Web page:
Dancing with the ones who brought them

DANCING WITH THE ONES WHO BROUGHT THEM…. House Minority Leader John Boehner’s (R-Ohio) comments on Sunday, while unexpected, seemed to reflect common sense. President Obama wants a tax cut for the middle class, while allowing higher rates for the wealthy to expire on schedule. Boehner would prefer, of course, to give breaks to the rich, no matter what it does to the deficit, but if lower rates for the middle class are the best he can do, he’ll take it. Some breaks, Boehner grudgingly conceded, are better than none.

Except, as yesterday made abundantly clear, Boehner’s Republican colleagues in both chambers fundamentally disagree. Indeed, the GOP left no doubt that they intend to hold middle-class tax cuts hostage until Democrats agree to give the wealthiest Americans $700 billion in tax breaks.

While Boehner didn’t personally walk back his on-air remarks from Sunday, the rest of the Republican leadership made clear his position was unacceptable. House Minority Whip Eric Cantor (R-Va.) distanced himself from Boehner’s remarks, as did Rep. Paul Ryan (R-Wis.), who questioned Boehner’s negotiating strategy during an interview with Sean Hannity.

Senate Minority Leader Mitch McConnell (R-Ky.) even unveiled legislation to mandate lower rates for all, including the rich, indefinitely.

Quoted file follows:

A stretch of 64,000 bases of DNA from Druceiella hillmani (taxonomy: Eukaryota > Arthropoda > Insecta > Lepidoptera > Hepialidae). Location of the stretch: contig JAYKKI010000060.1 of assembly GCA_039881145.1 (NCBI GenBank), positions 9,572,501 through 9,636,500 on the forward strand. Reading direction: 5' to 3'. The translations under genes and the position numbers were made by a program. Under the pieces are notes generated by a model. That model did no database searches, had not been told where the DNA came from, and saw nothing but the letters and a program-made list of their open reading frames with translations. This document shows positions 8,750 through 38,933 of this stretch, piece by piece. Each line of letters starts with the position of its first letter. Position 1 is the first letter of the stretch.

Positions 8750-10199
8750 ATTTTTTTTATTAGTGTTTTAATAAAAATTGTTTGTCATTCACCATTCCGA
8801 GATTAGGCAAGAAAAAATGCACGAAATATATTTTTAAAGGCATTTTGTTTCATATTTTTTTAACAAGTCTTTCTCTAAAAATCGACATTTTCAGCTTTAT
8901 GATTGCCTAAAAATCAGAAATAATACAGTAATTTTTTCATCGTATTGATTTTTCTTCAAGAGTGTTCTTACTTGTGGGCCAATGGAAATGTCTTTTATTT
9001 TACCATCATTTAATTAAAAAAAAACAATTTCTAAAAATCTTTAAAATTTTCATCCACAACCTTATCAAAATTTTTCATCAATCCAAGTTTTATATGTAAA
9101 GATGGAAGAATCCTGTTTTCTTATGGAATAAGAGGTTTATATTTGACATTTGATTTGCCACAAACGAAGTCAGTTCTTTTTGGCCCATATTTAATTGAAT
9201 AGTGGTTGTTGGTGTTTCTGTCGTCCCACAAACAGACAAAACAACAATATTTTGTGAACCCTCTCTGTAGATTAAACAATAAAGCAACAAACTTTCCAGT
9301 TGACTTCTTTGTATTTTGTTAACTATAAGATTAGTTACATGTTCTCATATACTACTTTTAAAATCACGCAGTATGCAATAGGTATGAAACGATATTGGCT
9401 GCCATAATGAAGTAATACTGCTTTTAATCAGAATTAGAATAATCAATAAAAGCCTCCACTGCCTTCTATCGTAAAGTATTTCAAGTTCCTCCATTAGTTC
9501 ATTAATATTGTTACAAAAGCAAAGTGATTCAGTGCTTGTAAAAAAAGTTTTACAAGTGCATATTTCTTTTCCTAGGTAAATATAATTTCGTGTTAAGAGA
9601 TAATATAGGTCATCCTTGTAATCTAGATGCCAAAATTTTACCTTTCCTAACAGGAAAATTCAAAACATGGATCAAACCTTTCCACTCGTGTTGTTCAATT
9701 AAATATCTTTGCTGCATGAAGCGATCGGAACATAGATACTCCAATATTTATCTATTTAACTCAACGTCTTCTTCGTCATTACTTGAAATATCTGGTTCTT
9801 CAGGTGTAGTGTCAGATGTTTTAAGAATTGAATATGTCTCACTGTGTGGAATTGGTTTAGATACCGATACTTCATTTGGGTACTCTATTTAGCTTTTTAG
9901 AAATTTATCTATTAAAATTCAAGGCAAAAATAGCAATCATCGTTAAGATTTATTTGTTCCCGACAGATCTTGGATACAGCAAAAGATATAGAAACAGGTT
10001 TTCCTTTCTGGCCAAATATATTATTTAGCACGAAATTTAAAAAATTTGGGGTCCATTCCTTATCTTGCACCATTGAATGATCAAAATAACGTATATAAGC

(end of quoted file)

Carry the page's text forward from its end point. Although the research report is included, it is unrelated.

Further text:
Of particular interest, McConnell took to the Senate floor to argue, “We can’t let the people who’ve been hit hardest by this recession and who we need to create the jobs that will get us out of it foot the bill for the Democrats’ two-year adventure in expanded government.”

So, in the mind of the Republican Senate leader, the folks who’ve been “hit hardest” are the Americans who make the most money.

It’s a striking reminder — Republicans got elected to represent the interests of the wealthy and powerful, and no matter what, Republicans will dance with the ones who brought them.

This need not be a problem for Democrats. Just seven weeks before the midterms, the Republican Party is pushing an unpopular tax plan, demanding a massive increase to the deficit, and threatening to hold middle-class tax cuts hostage. What’s more, we have GOP leaders fighting amongst themselves, which is generally what Dems want to see.

So, this is a fight Democrats should be ready and willing to fight? You might think so, but it’s not turning out that way. More on that in the next post.